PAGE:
Video producer Mariana Novak, with help from tech entrepreneur and restaurant consultant Ted Golden, created Atlanta Food Bingo to drive more business to area restaurants struggling to cope with the financial losses caused by COVID-19. The contact-free, online bingo game challenges players to order takeout and delivery from five area restaurants over a two-week period. Once bingo is achieved, players are entered into a raffle for a chance to win prizes, like a chef’s table experience from Local Three or a $150 gift card from Brush Sushi Izakaya.
The first round kicks off today and runs through Monday, April 13.
When Novak moved to Atlanta from California in 2017 to pursue work as an actor within Georgia’s burgeoning film and television industry, she paid the rent by working as a server for a few months at chef Hugh Acheson’s Empire State South in Midtown. She says the friendships she formed there, and throughout Atlanta’s restaurant industry, prompted her to take action to the assist former colleagues and friends caught up in the COVID-19 layoffs.
“As this whole COVID-19 thing started going down, friends in the industry started calling me about losing their jobs and needing help,” Novak says. “I just wanted to do something beyond ordering takeout or donating to fundraisers, and saw people doing bingo for quarantining at home or reading books. I thought bingo might be fun to do for restaurants.”
She quickly developed a bingo card filled with her favorite Atlanta restaurants, and shared it on her Instagram account. Novak also tagged Golden on the post. The card was shared by friends, and friends of friends, more than 100 times. Golden reached out immediately and told Novak he wanted to help take the card to the next level through his connections in the Atlanta restaurant industry.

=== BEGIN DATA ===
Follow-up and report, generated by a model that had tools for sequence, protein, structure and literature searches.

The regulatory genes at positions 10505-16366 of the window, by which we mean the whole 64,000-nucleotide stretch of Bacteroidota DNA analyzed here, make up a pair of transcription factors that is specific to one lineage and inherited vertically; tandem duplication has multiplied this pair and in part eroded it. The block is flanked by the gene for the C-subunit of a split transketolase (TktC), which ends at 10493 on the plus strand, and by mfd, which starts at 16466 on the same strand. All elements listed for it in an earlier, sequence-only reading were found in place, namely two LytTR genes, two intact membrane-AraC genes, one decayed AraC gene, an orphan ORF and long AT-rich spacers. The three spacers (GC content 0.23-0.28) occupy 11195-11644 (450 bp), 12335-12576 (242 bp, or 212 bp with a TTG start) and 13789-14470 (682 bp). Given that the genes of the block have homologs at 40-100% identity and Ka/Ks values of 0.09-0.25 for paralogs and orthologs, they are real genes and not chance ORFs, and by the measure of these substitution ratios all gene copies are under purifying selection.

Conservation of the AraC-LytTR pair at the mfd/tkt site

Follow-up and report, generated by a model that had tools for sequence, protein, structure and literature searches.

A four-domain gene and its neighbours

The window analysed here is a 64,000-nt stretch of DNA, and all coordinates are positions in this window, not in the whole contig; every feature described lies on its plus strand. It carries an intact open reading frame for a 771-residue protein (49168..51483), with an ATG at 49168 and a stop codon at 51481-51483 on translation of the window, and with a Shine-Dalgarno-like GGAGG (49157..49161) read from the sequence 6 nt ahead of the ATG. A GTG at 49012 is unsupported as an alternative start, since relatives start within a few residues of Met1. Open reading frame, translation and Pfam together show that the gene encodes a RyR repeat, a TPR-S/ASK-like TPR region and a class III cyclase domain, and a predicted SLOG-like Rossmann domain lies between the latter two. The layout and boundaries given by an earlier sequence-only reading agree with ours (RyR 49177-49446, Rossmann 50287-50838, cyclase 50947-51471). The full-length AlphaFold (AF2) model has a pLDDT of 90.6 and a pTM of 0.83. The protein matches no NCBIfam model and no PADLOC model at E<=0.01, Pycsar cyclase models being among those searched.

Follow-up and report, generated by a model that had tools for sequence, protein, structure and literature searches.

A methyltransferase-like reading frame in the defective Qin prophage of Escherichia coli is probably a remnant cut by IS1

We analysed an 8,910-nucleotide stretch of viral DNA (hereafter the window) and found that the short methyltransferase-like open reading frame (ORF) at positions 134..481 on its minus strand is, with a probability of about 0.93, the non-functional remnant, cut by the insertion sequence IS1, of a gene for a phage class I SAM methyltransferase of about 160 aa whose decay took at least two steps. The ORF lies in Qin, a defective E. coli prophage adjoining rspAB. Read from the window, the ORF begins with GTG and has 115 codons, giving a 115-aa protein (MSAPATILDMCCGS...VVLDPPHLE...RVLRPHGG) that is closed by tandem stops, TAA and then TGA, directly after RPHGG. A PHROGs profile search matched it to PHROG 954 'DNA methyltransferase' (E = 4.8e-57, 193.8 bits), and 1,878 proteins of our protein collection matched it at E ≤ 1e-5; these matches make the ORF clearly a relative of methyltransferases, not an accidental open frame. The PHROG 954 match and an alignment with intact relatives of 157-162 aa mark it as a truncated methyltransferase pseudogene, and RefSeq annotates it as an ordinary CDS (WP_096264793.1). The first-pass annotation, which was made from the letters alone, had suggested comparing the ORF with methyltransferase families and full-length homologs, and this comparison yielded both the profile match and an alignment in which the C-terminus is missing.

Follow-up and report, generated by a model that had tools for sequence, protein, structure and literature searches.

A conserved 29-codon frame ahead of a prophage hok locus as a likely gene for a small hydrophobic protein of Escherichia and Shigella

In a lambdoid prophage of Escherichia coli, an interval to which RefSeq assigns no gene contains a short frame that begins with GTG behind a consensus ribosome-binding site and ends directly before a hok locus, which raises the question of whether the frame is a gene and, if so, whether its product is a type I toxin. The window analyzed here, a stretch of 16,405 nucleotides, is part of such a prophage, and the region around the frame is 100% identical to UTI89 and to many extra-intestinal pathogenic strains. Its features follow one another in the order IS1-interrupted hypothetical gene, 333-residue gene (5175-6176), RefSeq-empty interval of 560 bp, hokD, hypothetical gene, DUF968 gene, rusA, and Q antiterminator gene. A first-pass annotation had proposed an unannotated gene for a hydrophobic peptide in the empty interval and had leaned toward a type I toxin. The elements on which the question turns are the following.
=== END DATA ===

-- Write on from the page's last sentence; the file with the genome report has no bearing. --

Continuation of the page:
“When Mariana published her bingo idea online, I knew this was just something that had to move forward,” the Georgia Tech alum says of why he became involved with Atlanta Food Bingo. “The point of this game isn’t anything other than to try and help keep as many Atlanta restaurants going as possible during COVID-19.”
There are currently 144 restaurants and food businesses participating in the bingo game, which are grouped by neighborhood clusters over six cards.
As word spreads of Novak and Golden’s game, more restaurants continue to contact the pair about signing up. Some have offered to provide prizes for the raffle, even though it’s not a requirement to be listed on a card.
Here’s how it works: Players choose a card to play on the Atlanta Food Bingo site. They must spend at least $20 at five restaurants, breweries, or food businesses over two weeks by ordering takeout, purchasing gift cards, or donating to fundraisers. Once bingo is achieved with five restaurants, they submit the information into an online form to be entered into the raffle. Players must save their time-stamped receipts, as it serves as proof of purchase should their name be drawn in the raffle. The first drawing takes place on Thursday, April 16.
Novak and Golden plan to run the game every two weeks (until further notice). If a restaurant on a card temporarily closes, donating $20 to the staff fundraiser or purchasing a gift card still counts as part of the game.
People can follow for updates on Atlanta Food Bingo’s official Instagram account.
Like Novak and Golden, Arnall Golden Gregory lawyer Matthew Wilson has worked with several restaurants around town over the years, and just wanted to help. He donated his time to provide legal counsel to Novak and Golden and crafted the rules and terms and conditions for Atlanta Food Bingo.
“I was determined to find a way to help my friends in the industry in a meaningful way and spread awareness about the places continuing to offer to-go food or where to donated or purchase merchandise.” says Novak. “Many people within the city’s restaurant community have become life-long friends of mine. Watching so many lose their income and their hope is heartbreaking, and I just couldn’t sit back and watch it happen.”
NOTE: The novel coronavirus situation in Georgia is fluid and ongoing. Follow Eater Atlanta for continuing coverage on COVID-19’s impact on Atlanta’s restaurant industry.
Check the Georgia Department of Public Health website for guidance and twice-daily updates on the latest number of reported COVID-19 cases.
*Practice safe and respectful social distancing measures via CDC guidelines, and stay home if sick.